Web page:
Mount Mercy University offering fast-track nursing degree

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CEDAR RAPIDS, Iowa (KCRG) Students at Mount Mercy University in Cedar Rapids can now fast track a bachelor’s of science degree in nursing. Faculty hope it will help ease a nursing shortage across the country.

Students at Mount Mercy University practice nursing skills using a teaching dummy on Tuesday, Nov. 5, 2019. The school in Cedar Rapids wants to help eliminate a nationwide shortage of nurses by offering a fast-track bachelor's degree nursing program (Jordee Kalk/KCRG)

A typical nursing degree takes four years to complete, sometimes longer. Incoming freshmen at Mount Mercy University can now graduate with a BSN in three and a half years.

Professors want their students to be as efficient as possible. That includes the quality of care given and the time spent studying for courses. Katie Stallman says the program works well, as she's set to graduate next month.

"They were willing to let me do the three and half year track, which would get me out so much sooner than other programs,” Stallman said.

Stallman is one of the first people to do the pilot-program for fast-track graduation. She already had a bachelor’s degree, so she could come in and just take the nursing courses needed.

"That really fit my schedule and where I'm at in my life right now,” Stallman said.

University staff said the program can be for second-degree seeking students, or for incoming freshman.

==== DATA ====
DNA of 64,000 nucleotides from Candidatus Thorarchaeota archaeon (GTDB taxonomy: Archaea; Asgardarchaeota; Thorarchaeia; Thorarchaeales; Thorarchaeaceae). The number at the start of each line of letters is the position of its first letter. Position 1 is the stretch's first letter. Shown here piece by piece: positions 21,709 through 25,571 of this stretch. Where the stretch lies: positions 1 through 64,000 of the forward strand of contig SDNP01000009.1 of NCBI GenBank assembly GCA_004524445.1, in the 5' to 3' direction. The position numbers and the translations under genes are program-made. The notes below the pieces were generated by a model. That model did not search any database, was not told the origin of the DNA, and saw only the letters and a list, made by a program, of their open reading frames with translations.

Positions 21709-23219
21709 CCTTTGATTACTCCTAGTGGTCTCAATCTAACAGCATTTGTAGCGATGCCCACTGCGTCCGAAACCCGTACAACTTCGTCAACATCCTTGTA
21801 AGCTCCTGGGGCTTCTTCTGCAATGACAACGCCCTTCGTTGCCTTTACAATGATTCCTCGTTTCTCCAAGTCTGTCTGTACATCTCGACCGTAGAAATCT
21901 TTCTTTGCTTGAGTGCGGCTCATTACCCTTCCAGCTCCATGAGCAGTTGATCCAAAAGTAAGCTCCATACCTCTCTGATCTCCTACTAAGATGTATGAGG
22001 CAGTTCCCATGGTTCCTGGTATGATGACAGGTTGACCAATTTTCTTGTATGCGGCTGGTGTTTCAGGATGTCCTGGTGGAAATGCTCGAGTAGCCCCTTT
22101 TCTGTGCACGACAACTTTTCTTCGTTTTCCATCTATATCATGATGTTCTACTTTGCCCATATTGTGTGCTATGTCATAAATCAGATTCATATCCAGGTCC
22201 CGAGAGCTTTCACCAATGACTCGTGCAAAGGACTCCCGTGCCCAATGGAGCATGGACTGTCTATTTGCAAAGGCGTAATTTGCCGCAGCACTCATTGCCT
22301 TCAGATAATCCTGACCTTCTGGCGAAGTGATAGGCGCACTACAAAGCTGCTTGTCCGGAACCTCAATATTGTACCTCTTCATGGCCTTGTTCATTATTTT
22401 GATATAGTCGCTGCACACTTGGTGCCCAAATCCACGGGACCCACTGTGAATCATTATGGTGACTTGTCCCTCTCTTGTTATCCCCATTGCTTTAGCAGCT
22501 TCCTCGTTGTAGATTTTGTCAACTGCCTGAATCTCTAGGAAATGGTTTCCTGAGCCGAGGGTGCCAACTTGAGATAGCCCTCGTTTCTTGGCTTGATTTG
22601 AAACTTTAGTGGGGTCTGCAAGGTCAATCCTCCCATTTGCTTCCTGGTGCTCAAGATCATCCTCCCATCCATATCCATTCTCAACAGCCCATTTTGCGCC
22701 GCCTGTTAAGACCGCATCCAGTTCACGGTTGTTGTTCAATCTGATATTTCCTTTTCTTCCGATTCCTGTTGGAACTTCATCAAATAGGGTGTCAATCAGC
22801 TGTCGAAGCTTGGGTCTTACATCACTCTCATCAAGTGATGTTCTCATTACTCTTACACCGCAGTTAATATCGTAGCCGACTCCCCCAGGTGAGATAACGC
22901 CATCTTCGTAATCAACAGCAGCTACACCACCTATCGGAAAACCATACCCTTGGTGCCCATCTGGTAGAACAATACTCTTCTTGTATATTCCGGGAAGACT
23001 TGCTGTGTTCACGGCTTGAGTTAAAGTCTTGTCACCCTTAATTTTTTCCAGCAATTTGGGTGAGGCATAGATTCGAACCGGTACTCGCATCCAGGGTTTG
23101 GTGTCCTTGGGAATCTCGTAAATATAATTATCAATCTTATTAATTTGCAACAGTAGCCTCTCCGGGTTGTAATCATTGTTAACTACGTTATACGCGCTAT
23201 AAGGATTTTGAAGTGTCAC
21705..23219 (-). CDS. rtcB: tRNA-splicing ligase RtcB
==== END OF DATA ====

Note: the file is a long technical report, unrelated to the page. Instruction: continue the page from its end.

Incoming students have a few more requirements, including a minimum of 25 on the ACT and a 3.5 GPA. They're also encouraged to have 12 dual credit college courses. Staff said most incoming freshmen meet that checklist.

"A lot of them come in and take up another minor or another college major because they're bringing in so much college credit,” Kim Bro, Chair of Mount Mercy University Nursing Program, said. “And they need to take courses for something else besides nursing degree."

And it'll get students into the workforce faster.

The country is facing a nursing shortage, and that's expected to drastically increase by up to a million people. The American Association of Colleges of Nursing said many baby-boomer era nurses are retiring and the need for health care is growing.

"My grandmother was an operating room nurse back in the 1940s,” Stallman said.

For Stallman, she decided she wanted to follow in her family's footsteps. She'll soon be a third-generation nurse and she's already landed a job before graduation.

"I'm going to stay in the area. I'm going to work at Mercy Medical Center, they actually hired me a few months ago,” Stallman said.

She adds many of her classmates already have jobs because the need is so great across eastern Iowa.